Not all weekends are created equal. I know this well, because years ago I worked the graveyard shift at Hollywood Park Casino. My off-days were Tuesdays and Wednesdays, and when not on the job my body dragged itself around in the daylight hours, teetering on the brink of zombification. Yeah… not going on a lot of dates.
I mention this now because in the spirit of the odd weekend, I’m trying out a new format: a list of Monday-to-Sunday suggestions based on recent adventures in and around Los Angeles. One solid free thing to do for every day of the week. Something for everyone, no matter your schedule. And if it’s well received, maybe I’ll continue the series. If not, well, at least I tried. At least I’m sure a few of my old friends from HPC will appreciate it.
MONDAY – Free Afternoon at LACMA
Visitors with a valid L.A. County I.D. can get free admission at the Los Angeles County Museum of Art on weekdays from 3 to 5 p.m. (note that museum is closed on Wednesday). Despite the ongoing construction, there is plenty to see here including Portable Universe (done in collaboration with indigenous peoples of Colombia) and a Lee Alexander McQueen exhibition featuring some of the most beautiful garments I’ve ever seen. Then there’s the vast collection of modern art housed on the third level of BCAM, which is always a crowd pleaser, and also never-not busy. For parking, I usually try to nab a metered spot on 6th St (if I’m lucky), or a few blocks over on Curson south of Wilshire. The two-hour limit is usually enough time to see what’s currently on view, but maybe that’ll change once construction is finished circa 2024.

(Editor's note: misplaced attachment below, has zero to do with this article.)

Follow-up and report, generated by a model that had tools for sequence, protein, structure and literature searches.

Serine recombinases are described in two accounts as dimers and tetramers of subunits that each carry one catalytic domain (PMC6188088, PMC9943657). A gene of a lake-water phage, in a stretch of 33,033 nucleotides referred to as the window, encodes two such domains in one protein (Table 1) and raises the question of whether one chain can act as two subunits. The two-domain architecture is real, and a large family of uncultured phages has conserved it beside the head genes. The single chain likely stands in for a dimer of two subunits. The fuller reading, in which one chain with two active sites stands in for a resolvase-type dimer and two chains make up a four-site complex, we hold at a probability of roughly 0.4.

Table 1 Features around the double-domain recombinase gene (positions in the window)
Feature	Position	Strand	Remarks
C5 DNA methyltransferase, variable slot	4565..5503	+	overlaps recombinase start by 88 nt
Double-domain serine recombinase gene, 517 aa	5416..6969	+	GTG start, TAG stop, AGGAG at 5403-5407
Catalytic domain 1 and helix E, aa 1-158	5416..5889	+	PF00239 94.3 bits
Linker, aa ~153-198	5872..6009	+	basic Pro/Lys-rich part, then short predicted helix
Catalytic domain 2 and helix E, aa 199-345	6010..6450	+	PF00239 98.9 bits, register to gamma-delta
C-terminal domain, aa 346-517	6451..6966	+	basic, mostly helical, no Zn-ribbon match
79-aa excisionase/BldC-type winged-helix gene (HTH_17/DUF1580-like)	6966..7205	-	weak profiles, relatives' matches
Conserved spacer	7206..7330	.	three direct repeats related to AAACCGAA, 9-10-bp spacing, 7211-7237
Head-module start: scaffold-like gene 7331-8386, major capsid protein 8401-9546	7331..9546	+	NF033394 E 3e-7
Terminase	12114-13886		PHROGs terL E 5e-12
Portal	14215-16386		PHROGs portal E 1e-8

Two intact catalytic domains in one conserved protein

TUESDAY – “Life Cycles” at Japan House Los Angeles
If it’s serenity you seek, try a stroll through Tanabe Chikuunsai IV’s Life Cycles, currently on view at Japan House Los Angeles through January 15, 2023. The gallery shop features small exhibits and explainers on the artists family background and tradition of craftsmanship as it guides to to the main attraction, a massive, flowing installation of hand woven bamboo backed by a video screen that projects images from the forests where the material was sourced. I really enjoyed the walk-through of this piece, but I doubt the experience is going to soak up more than a half-hour of your time. Nonetheless, after you’re done you should head upstairs to the fifth floor of Ovation Hollywood to visit the Japan House Library. Both gallery and library are open 7 days a week, and free to view. PLUS: The gallery validates parking ($3 for 2 hours), and there’s also a Metro Red Line stop only steps away downstairs.
WEDNESDAY – A Morning Walk on the L.A. River Path
Okay, in the middle of a record heatwave, an outdoor walk sounds about as refreshing as a cup of scalding water to the face, but bear with me here. This loop I detailed in a previous walking guide is a 2.4-mile route that takes by some scenic points along the L.A. River path, and some of the new businesses that have popped up nearby. Since I live in the area, I do this walk often, and it’s one of my favorite routes in the city. ALSO: Since initial publication of the walking guide, a new coffee shop called Morning Service Coffee opened up along the L.A. River Path, literally a stone’s throw from the Frogtown Brewery. The iced vanilla latte is on point. Would highly recommend.
THURSDAY – “Time” at El Segundo Museum of Art